UsDoD, which managed to make a significant impact on its own, continues its operations. He claims to have released 2.5 million records, alleging a breach of the LinkedIn Database.
“haveibeenpwned” founder Troy Hunt made the following comment in his Twitter account, regarding this incident: “Interesting data. Allegedly 2.5M, but almost 6M unique addresses. One fellow Aussie has 5 addresses across telco, bank, publisher, and 2 e-comm sites. Their LinkedIn reflects this, so this data could tie together identities.”
According to UsDoD’s statement, the actor shared alleged data breaches of the hp-medical and dhsi2 on “breachforums” recently, also shared a screenshot in his Twitter account from the Interpol website’s interface, labeling it as a preview of his upcoming operation.
**USDoD has expanded the amount of data leaked from LinkedIn. According to his claims, this new dataset comprises 35 million entries and expands to 12 gigabytes when uncompressed. Troy Hunt has shared that the additional collection of scraped and compiled data linked to LinkedIn has now been incorporated into Have I Been Pwned . This inclusion has introduced an extra 14 million unique e-mail addresses, increasing the total scope of the security breach to nearly 20 million records. It’s worth noting that 13% of these e-mail addresses were already present in Have I Been Pwned.
Furthermore, Troy Hunt published a blog post about the dataset. He stated that the dataset is a blend of data extracted from publicly available LinkedIn profiles, fictitious e-mail addresses, and, to a limited extent, information from other sources listed in the column headings. However, it’s important to note that the individuals are real, the companies are legitimate, the domains are authentic, and, in many instances, the e-mail addresses themselves are valid.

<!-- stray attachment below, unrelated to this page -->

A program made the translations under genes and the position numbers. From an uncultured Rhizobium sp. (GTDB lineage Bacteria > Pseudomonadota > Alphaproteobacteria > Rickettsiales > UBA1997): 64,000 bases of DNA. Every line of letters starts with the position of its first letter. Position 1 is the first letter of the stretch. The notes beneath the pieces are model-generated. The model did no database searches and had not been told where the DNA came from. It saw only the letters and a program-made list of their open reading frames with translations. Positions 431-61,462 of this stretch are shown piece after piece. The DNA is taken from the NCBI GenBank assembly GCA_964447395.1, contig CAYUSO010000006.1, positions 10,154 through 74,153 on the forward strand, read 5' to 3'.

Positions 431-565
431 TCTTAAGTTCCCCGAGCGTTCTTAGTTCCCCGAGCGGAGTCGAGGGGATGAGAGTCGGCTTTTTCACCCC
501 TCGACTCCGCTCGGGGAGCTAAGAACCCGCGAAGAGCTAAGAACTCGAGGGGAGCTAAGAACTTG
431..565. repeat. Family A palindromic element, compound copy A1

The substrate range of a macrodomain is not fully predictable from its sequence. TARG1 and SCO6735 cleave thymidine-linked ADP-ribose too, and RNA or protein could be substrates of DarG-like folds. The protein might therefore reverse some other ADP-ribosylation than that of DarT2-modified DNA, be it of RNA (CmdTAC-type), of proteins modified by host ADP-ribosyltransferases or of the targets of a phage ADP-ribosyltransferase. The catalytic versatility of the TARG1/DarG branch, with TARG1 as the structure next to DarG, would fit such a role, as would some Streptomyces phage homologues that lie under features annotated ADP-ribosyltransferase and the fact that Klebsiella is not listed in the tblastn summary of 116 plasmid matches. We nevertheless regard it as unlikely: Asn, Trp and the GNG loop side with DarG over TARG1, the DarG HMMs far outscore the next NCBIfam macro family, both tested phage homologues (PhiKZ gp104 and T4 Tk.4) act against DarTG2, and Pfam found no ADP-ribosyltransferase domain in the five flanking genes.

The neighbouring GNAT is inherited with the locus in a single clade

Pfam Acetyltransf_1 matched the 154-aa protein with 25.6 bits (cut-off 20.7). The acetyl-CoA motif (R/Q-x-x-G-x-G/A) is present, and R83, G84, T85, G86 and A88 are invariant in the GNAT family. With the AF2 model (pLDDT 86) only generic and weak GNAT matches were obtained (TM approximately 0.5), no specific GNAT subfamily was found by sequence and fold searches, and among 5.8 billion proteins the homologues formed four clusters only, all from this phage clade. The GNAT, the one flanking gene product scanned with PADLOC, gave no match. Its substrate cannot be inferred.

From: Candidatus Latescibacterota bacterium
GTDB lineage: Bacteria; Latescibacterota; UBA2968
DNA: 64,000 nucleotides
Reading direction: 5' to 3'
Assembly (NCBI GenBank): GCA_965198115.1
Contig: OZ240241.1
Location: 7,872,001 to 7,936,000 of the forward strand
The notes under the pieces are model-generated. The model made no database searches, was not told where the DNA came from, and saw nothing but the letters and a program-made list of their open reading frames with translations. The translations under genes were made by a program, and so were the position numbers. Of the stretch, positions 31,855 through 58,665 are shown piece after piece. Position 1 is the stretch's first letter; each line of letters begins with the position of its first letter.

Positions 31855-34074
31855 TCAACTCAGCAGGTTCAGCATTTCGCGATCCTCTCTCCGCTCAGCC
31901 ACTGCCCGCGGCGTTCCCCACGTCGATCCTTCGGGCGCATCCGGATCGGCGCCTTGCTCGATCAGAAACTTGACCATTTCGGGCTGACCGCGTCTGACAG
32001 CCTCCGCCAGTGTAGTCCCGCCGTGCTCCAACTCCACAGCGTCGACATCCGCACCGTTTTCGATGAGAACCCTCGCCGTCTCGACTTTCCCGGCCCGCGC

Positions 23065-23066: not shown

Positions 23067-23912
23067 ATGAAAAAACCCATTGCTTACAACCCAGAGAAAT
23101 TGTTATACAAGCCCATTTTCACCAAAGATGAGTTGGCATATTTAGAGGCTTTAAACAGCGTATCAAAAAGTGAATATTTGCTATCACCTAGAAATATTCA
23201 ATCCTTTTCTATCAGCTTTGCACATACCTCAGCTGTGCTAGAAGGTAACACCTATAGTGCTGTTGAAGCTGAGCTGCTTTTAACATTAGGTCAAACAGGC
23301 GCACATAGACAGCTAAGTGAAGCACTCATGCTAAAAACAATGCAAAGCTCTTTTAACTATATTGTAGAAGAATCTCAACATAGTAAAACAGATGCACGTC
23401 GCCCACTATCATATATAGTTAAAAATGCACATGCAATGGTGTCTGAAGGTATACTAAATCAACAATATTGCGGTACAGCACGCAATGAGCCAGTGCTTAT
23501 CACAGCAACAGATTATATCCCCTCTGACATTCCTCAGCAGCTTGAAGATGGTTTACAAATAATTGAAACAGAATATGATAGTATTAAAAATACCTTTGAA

Real Targets and Motivations
Despite the public threats against Raytheon and Lockheed, USDoD’s real interests lay elsewhere. He targeted and accessed entities like CEPOL and NATO, aiming to understand their security and training methods. His ultimate goal? Full control and influence. He plans to establish a private company to sell military intelligence on the dark web, with Constellis being his first target.
USDoD’s Future Endeavors and BreachForums
USDoD’s vision extends beyond hacking. He aims to revitalize BreachForums, lamenting the lack of engagement from its current owner, ShinyHunters. He believes active participation from influential members can restore the forum’s former glory.
USDoD’s activities and plans are multifaceted; as he ventures into selling military intelligence and continues to challenge high-profile targets, defense entities should remain vigilant.
The enigmatic figure of “USDoD” stands as a testament to the evolving landscape of cybersecurity. From his audacious breaches to his intricate web of motivations, he represents the new age of hackers who blend personal vendettas, business ambitions, and sheer love for the challenge. His journey, from exposing significant security lapses in reputed organizations to announcing ambitious future plans, underscores the need for heightened vigilance in the digital realm. As the lines between personal, political, and professional motivations blur, entities worldwide must recognize and prepare for the multifaceted threats posed by individuals like USDoD. In a world where information is power, understanding the motivations and methods of those who seek to control it is paramount.